When delivering a learning program, you want people to ask relevant questions. But what if they all come from the same person? A learner who monopolizes your dialogue with the class can discourage other participants from getting involved and push you off topic, but you don't want to make an already engaged learner feel ignored or excluded. What should you do?
In an in-person training program, you can use a prop to enable hyperengaged learners to stay involved without dominating your class. It enables you to correct their behavior without calling them out or hurting their self-esteem.
Here's how you do it:
- Set up a wall chart or flipchart at the side of your classroom. Label it "Parking Lot."
- When someone begins taking over a conversation with questions, reach out to him. Acknowledge that his questions are relevant, valuable, and important. Then say that you want to hear them but need to make an arrangement for the sake of time.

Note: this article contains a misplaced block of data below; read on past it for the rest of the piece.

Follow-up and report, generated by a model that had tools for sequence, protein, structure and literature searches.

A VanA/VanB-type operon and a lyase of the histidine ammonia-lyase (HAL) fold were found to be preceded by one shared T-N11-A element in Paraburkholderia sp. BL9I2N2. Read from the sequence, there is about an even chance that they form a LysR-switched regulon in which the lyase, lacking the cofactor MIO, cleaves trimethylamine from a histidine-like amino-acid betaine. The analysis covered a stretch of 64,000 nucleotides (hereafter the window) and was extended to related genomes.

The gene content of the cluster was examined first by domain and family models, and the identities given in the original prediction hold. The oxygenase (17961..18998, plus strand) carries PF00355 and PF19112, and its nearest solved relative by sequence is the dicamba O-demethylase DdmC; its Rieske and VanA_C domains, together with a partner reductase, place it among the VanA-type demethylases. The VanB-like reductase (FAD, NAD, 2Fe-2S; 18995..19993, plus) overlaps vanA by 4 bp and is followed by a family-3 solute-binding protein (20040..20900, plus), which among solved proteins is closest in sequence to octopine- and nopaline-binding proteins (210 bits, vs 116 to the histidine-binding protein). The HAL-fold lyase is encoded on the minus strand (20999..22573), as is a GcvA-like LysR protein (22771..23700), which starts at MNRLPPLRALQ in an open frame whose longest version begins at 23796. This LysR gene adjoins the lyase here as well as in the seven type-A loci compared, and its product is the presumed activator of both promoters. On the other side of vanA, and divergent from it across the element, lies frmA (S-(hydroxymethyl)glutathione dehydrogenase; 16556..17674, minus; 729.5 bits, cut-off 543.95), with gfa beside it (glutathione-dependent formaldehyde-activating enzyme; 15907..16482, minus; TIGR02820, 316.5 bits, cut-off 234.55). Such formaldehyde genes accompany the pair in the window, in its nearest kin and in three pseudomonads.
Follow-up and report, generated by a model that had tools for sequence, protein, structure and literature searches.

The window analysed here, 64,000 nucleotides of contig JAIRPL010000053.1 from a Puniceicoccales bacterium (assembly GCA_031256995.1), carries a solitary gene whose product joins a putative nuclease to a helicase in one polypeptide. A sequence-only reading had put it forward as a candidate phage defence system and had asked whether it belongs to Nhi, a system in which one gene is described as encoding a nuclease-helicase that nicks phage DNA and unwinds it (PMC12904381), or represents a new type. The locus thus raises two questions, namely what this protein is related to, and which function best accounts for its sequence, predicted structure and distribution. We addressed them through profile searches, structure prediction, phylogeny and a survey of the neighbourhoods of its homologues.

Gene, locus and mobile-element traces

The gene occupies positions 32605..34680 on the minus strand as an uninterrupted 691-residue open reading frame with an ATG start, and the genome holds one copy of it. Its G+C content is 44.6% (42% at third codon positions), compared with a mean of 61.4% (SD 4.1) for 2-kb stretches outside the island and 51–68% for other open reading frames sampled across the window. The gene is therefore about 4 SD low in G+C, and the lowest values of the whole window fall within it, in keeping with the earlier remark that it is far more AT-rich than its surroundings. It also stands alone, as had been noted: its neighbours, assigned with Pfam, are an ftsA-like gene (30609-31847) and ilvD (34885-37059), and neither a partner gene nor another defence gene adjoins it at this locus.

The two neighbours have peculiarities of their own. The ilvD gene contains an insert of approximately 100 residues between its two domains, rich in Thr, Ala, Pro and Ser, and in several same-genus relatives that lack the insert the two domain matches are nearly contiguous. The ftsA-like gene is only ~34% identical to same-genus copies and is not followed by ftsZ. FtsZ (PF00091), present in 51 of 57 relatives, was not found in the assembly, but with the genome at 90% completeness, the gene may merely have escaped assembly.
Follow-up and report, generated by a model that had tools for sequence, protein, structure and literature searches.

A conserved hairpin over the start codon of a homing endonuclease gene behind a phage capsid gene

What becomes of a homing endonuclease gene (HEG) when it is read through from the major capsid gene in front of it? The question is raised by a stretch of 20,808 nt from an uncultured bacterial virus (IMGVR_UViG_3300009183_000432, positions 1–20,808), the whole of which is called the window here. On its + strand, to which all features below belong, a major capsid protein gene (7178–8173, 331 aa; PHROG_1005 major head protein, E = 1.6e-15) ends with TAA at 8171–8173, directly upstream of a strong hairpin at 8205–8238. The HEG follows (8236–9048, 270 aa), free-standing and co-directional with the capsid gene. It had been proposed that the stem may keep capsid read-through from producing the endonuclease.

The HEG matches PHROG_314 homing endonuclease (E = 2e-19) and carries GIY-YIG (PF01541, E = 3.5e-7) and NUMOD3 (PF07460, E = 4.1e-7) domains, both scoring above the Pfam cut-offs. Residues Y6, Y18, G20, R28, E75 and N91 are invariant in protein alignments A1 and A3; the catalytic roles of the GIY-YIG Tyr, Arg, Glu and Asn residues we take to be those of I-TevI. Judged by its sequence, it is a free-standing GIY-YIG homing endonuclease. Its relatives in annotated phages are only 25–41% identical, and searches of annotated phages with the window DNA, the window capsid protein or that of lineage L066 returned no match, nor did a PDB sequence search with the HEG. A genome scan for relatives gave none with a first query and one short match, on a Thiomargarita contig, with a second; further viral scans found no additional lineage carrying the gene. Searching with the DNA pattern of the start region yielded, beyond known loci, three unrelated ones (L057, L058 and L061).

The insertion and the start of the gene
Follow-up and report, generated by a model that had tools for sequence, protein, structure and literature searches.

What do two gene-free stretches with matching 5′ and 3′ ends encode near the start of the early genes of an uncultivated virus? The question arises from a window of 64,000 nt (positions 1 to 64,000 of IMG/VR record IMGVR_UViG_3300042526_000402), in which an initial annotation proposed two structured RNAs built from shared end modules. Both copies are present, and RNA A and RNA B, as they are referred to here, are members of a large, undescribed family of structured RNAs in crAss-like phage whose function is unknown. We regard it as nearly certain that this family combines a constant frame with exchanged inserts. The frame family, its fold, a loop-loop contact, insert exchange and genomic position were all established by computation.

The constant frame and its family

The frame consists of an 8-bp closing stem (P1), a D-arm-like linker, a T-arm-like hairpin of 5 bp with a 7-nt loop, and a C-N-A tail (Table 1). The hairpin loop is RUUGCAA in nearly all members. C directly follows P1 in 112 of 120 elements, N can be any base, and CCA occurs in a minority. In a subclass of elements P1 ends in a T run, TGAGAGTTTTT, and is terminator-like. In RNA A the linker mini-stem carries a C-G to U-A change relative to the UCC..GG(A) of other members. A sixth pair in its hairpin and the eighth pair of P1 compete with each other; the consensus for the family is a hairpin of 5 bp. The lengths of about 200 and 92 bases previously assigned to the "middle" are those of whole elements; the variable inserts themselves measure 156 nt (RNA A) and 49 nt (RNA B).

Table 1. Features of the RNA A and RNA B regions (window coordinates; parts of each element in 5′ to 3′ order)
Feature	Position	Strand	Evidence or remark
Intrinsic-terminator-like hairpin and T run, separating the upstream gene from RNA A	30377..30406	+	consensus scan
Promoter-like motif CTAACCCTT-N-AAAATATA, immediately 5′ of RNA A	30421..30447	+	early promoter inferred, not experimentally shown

- Give the learner a pen and large pad of sticky notes and ask him to write down his questions and comments as he thinks of them. Then tell him to post his sticky notes to the Parking Lot wall chart.
- Promise to review everything the learner posts on the Parking Lot at an appropriate time and confirm that you will answer any relevant questions.
- When you reach a break or appropriate opportunity, go to the Parking Lot and review the participant's questions.
To achieve the same effect as the Parking Lot but with learners who provide excessive suggestions instead of questions, put up a second chart and label it "Resources." Follow the same procedure as you would for the Parking Lot and invite the class to review the suggestions during breaks.